The procedure most often used for drilling laterals from horizontal completions requires a retrievable bridge plug to be set in the casing. The bridge plug serves as the base for orienting and setting the whipstock used to mill the window in the casing so that the drilling of the lateral section can be initiated,

In recent years, monobore completions have allowed operators to drill lateral sections through the tubing. Using coiled tubing drilling technology, this procedure can often be performed without killing the well and without pulling the present completion. With this method, a horizontal lateral can be drilled with the well flowing, which allows efficient removal of the cuttings and minimizes formation permeability impairment.

If, however, the well completion has wireline nipples or sliding sleeves installed in the tubing, the operation becomes significantly more difficult. This is due to the limited selection of bridge plugs that can be passed freely through the restricted bores of the nipples or sleeves, and then, can be set securely in the casing. If the well has been drilled horizontally, bridge plugs that must be set and retrieved with wireline (either slickline or electric line) cannot be used as they cannot be run into horizontal sections of the wells. Further, retrievable bridge plugs run on tubing or drill pipe would require that the well be killed, the Christmas tree nippled down, and a blowout preventer (BOP) stack installed on the well, Since retrievable bridge plugs run on tubing and drill pipe are frequently hydraulically set, and tubing rotation may be required to release from the bridge plug, a rig or well pulling hoist to perform the workover would be needed. Thus, any economic advantage of performing the workover operation with coiled tubing would be lost.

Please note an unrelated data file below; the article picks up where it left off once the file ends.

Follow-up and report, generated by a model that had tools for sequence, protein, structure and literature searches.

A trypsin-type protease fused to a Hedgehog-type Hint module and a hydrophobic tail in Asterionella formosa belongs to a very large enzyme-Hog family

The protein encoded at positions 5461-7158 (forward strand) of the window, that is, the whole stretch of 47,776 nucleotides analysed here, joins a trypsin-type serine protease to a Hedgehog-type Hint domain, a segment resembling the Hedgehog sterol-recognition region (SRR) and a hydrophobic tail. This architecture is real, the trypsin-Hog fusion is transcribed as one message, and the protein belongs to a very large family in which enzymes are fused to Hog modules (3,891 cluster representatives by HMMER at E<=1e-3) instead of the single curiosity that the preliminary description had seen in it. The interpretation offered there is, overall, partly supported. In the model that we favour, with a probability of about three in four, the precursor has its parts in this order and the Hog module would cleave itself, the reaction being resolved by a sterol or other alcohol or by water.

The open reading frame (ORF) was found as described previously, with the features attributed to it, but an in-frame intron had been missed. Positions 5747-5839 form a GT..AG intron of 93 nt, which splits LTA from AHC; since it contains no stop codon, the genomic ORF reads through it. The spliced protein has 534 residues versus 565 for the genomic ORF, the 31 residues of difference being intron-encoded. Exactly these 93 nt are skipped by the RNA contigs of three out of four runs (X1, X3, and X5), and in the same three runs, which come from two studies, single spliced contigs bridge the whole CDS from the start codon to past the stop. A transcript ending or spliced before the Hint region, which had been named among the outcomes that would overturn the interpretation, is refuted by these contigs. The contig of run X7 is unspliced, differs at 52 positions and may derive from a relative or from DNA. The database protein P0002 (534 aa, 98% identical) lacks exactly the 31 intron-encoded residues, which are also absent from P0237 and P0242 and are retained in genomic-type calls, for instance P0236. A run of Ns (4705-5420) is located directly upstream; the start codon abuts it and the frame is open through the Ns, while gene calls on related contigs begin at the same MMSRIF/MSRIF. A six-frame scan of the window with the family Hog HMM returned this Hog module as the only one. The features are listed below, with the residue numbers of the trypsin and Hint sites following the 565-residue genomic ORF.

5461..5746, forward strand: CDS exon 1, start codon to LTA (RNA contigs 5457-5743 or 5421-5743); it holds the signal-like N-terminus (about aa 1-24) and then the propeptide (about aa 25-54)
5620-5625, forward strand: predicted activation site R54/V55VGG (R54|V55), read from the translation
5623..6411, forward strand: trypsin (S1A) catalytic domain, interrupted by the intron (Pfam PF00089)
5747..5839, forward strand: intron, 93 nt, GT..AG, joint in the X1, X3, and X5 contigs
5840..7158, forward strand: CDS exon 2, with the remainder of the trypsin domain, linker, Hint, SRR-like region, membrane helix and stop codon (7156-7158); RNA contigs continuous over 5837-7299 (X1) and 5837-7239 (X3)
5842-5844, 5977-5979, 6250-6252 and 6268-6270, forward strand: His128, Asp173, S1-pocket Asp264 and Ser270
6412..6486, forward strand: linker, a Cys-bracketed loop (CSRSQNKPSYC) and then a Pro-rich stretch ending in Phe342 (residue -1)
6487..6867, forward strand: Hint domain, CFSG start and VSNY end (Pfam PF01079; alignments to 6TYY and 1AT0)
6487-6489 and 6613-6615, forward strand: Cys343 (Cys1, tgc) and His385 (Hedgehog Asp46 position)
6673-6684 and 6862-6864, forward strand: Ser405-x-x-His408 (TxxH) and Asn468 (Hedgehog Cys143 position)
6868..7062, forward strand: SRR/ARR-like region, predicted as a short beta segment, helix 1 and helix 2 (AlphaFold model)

For these reasons, the retrievable bridge plug most commonly used when being set with coiled tubing is the inflatable bridge plug. This plug can be run through the most common restrictions in the tubing (nipples and circulating sleeves) and the element inflated to create the seal against the casing wall, The primary drawback to inflatable bridge plugs is their relatively low differential pressure ratings when compared to other retrievable bridge plugs. If, due to casing damage or other well conditions, the inflatable bridge plug cannot be set, the operator may be left with few viable options for completing the drilling program. This paper will discuss such a case, In this scenario, repeated attempts to set an inflatable bridge plug failed during the operator's drilling program, and a slickline running tool and nippleless lock mandrel were adapted for use with coiled tubing to provide a solution. Use of the slickline running tool with coiled tubing string had never before been attempted. How the adaptation variables were addressed and the considerations for running the nippleless lock on the coiled tubing string will be the focus of the paper.

In addition to providing an innovative solution for a difficult service problem, combing these technologies will undoubtedly offer viable alternatives for other service needs.

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